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Accession IconSRP115958

Plant abiotic stress tolerance conferred by the desert endophytic bacterium Enterobacter sp. SA187 is mediated through enhanced ethylene signalling

Organism Icon Arabidopsis thaliana
Sample Icon No Downloadable Samples
Technology Badge IconIllumina HiSeq 2500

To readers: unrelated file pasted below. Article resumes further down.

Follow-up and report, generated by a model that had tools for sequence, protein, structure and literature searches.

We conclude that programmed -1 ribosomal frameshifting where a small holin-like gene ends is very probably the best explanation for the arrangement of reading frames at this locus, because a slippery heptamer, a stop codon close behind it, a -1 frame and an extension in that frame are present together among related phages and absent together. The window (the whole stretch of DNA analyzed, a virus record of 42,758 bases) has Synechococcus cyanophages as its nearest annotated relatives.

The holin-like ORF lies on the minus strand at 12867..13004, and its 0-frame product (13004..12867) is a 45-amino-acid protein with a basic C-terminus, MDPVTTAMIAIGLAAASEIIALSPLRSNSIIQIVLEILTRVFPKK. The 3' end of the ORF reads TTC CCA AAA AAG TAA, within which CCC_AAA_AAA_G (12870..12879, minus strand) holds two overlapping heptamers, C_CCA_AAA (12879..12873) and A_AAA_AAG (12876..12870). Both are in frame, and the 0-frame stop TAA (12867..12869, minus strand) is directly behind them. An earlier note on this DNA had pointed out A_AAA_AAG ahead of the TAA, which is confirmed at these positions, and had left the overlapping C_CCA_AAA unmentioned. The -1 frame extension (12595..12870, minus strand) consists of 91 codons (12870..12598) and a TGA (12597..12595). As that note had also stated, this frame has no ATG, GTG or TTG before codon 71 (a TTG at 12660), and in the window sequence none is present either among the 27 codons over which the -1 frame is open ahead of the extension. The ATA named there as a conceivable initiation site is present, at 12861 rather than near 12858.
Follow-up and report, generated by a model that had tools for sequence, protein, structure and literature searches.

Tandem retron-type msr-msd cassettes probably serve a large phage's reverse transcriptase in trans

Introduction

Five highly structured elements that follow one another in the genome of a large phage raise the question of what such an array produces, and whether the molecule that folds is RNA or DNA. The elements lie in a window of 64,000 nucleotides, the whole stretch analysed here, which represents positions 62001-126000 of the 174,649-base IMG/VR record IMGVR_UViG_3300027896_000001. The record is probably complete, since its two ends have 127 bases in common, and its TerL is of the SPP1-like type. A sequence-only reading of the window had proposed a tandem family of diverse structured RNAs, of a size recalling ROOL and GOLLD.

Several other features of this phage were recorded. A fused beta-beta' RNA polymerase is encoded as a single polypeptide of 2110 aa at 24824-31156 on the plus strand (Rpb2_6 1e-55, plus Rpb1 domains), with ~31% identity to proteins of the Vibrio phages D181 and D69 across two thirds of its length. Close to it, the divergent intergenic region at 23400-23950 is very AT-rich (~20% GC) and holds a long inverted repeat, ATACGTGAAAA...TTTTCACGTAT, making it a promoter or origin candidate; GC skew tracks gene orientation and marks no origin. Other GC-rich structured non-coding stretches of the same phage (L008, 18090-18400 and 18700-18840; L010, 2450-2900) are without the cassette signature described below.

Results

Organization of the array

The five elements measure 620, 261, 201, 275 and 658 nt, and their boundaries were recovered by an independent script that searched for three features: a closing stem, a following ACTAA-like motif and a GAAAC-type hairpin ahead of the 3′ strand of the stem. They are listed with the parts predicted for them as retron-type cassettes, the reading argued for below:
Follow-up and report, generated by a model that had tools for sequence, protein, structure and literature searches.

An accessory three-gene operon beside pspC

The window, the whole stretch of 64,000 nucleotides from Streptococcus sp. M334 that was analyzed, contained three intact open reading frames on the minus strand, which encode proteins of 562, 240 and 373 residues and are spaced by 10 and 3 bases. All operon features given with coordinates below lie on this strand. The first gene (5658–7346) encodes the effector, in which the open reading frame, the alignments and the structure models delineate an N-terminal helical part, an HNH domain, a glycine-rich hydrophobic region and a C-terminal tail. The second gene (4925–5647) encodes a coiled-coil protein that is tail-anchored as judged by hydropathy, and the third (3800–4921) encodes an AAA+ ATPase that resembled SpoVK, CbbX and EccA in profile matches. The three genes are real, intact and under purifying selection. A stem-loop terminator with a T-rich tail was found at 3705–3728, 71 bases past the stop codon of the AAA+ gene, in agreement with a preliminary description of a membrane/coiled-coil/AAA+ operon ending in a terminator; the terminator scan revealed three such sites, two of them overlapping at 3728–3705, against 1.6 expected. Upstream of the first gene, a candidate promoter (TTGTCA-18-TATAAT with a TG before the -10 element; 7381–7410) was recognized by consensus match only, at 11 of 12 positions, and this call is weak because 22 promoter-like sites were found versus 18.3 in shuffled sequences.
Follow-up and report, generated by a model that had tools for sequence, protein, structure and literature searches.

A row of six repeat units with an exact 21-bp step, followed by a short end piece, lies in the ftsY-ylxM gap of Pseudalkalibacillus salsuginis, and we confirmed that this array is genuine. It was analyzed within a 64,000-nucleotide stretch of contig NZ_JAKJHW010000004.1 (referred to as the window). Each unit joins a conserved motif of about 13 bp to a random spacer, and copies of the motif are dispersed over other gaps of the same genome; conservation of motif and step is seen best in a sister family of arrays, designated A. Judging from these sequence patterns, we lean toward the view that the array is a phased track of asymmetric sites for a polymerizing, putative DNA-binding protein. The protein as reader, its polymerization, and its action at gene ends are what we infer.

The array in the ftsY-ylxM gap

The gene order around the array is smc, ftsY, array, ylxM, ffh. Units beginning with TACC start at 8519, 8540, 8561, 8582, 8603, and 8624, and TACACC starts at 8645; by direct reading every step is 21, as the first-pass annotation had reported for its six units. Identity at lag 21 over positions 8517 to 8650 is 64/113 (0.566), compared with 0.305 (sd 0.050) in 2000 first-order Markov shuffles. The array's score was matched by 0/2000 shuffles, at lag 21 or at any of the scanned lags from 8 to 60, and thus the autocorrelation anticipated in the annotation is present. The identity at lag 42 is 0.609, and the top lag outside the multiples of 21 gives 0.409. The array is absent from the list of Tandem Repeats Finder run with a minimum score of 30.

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Recent studies have shown that several plant species require microbial associations for stress tolerance and survival. In this work, we show that the desert endophytic bacterium Enterobacter sp. SA187 enhances yield and biomass of alfalfa in field trials, revealing a high potential for improving desert agriculture. To understand the underlying molecular mechanisms, we studied SA187 interaction with Arabidopsis thaliana. SA187 colonized surface and inner tissues of Arabidopsis roots and shoots and conferred tolerance to salt and osmotic stresses. Transcriptome, genetic and pharmacological studies revealed that the ethylene signaling pathway plays a key role in mediating SA187-triggered abiotic stress tolerance to plants. While plant ethylene production is not required, our data suggest that SA187 induces abiotic stress tolerance by bacterial production of 2-keto-4-methylthiobutyric acid (KMBA), known be converted into ethylene in planta. These results reveal a part of the complex molecular communication process during beneficial plant-microbe interactions and unravel an important role of ethylene in protecting plants under abiotic stress conditions. Overall design: 4 samples, 3 biological replicates Sterilized seeds were stratified for 3 days and then plated on ½ MS agar plates (Murashige and Skoog basal salts, Sigma), grown vertically for 5 days at 22 C and 16h light, then transferred to fresh ½ MS agar plates with (samples S, SB) or without (samples M, B) 100 mM NaCl (6 seedlings per plate) and cultivated for additional 12 days. Initial plates for sterilized seeds germination containing bacterial strain SA187 (2·10E+5 cfu·mL-1) were used to prepare samples B and SB. Control plates for samples M and S were non-inoculated.
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